President Donald Trump indicated Monday that that he wants every nursing home in America tested for the novel coronavirus, a goal Alabama officials say they cannot currently meet.
Vice President Mike Pence today told the nation’s governors in a conference call Monday that the White House coronavirus task force strongly recommends states provide for this testing at long-term care facilities.
Trump said at his briefing that he would consider mandating it.
“Frankly, some of the governors were very lax with respect to nursing homes,” he said.
Gina Maiola, Alabama Gov. Kay Ivey’s press secretary, expressed support for the idea of testing every nursing home resident. But she added that it would amount to tens of thousands of tests.
“At this point, we do not have enough access to testing, and Governor Ivey is not seeking to issue an unfunded mandate,” she said in a statement. “However, we continue to exhaust all efforts to address and care for our most vulnerable and encourage nursing homes to take extraordinary measures in areas of sanitation and hygiene.”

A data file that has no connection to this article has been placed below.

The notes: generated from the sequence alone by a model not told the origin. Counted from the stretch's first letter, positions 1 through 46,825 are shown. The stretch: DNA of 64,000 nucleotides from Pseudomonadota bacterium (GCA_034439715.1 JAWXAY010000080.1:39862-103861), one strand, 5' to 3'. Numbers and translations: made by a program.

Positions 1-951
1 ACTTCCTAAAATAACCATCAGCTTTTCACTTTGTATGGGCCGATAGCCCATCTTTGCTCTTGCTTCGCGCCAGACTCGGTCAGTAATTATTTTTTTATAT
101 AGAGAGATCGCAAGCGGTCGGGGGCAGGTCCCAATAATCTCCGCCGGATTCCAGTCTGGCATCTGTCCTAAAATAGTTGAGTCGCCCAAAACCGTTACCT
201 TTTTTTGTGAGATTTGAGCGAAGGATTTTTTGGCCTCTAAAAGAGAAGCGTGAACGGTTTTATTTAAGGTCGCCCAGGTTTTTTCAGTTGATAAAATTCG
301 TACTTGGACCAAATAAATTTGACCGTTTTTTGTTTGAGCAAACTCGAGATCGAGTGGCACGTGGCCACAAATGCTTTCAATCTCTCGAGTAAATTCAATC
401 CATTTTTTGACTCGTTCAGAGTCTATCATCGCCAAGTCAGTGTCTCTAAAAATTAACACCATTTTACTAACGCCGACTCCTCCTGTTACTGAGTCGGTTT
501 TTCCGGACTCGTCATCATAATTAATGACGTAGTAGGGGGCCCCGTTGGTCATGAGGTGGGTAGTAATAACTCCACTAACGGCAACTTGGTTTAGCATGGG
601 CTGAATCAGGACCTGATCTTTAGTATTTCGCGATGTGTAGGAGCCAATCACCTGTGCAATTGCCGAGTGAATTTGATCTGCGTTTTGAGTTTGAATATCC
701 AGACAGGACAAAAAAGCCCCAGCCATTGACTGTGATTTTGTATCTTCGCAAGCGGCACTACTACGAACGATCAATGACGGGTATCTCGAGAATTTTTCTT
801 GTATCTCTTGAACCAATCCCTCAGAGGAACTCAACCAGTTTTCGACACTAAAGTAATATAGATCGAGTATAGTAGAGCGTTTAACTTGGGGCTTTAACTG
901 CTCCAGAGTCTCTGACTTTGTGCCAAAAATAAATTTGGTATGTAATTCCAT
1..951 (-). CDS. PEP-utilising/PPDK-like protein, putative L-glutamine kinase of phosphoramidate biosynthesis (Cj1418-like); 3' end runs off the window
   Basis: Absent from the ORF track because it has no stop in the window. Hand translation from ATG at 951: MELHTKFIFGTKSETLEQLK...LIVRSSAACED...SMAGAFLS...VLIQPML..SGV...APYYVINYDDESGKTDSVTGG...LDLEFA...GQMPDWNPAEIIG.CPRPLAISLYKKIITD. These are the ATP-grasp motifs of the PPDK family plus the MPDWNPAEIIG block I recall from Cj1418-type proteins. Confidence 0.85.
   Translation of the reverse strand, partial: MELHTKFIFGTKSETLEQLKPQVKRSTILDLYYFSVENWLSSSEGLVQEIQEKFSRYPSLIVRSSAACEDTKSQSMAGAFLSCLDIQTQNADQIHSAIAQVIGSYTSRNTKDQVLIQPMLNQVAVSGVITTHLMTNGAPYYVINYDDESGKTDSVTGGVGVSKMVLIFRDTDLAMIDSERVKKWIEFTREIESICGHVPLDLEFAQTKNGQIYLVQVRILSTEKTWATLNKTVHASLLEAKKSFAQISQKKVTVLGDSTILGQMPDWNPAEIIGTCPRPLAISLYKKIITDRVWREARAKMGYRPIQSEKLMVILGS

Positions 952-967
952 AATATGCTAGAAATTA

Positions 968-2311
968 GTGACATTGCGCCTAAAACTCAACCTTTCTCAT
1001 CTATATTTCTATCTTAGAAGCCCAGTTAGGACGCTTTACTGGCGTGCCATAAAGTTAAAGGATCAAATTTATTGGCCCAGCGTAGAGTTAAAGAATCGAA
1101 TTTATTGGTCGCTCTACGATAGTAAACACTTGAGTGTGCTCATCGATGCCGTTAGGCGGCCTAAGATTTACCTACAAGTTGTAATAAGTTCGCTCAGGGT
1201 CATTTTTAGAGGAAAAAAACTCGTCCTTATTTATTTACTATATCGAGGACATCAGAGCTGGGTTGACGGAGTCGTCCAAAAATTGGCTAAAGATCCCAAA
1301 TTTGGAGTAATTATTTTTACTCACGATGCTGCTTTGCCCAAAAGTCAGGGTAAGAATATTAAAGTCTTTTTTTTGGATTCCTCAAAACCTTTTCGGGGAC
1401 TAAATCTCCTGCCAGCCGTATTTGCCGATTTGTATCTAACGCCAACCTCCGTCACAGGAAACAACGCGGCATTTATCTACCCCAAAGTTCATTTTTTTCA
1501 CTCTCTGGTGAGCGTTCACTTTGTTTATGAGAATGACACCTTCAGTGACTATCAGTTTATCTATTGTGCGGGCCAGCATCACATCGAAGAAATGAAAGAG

Trump disagreed, although he did not mention Alabama by name.
“They have the capacity to do it; they should be doing it,” he said.
Adm. Brad Giroir, the assistant secretary of the Department of Health and Human Services, said at the White House briefing that an $11 billion program to help states expand testing would come with strings that include nursing homes.
“We’re going to be very specific, and they know it. … They have to have plans for their vulnerable communities, including nursing homes, including those who are disabled, including those who are in prisons or who have workings environments that they have more likelihood to spread the virus,” he said.
Nursing homes have been extremely vulnerable given how fragile their residents are. The York Times has estimated that a third of all COVID-19 deaths in America are nursing home workers or residents.
Mobile County Health Department officials have said 15 of the county’s 37 long-term care facilities have cases. And nursing home workers and residents account for 24 percent of people who have tested positive for the virus.
“We know we have a lot of outbreaks going on in congregate settings,” said Rendi Murphree, Mobile County’s top epidemiologist.
At her daily briefing Monday, Murphree said that beyond aggressive testing, nursing homes should tightly control who enters.
“We are strongly recommending all of our long-term care facilities continue to prohibit non-essential visitors and workers in their facilities because of the threat of outbreaks,” she said.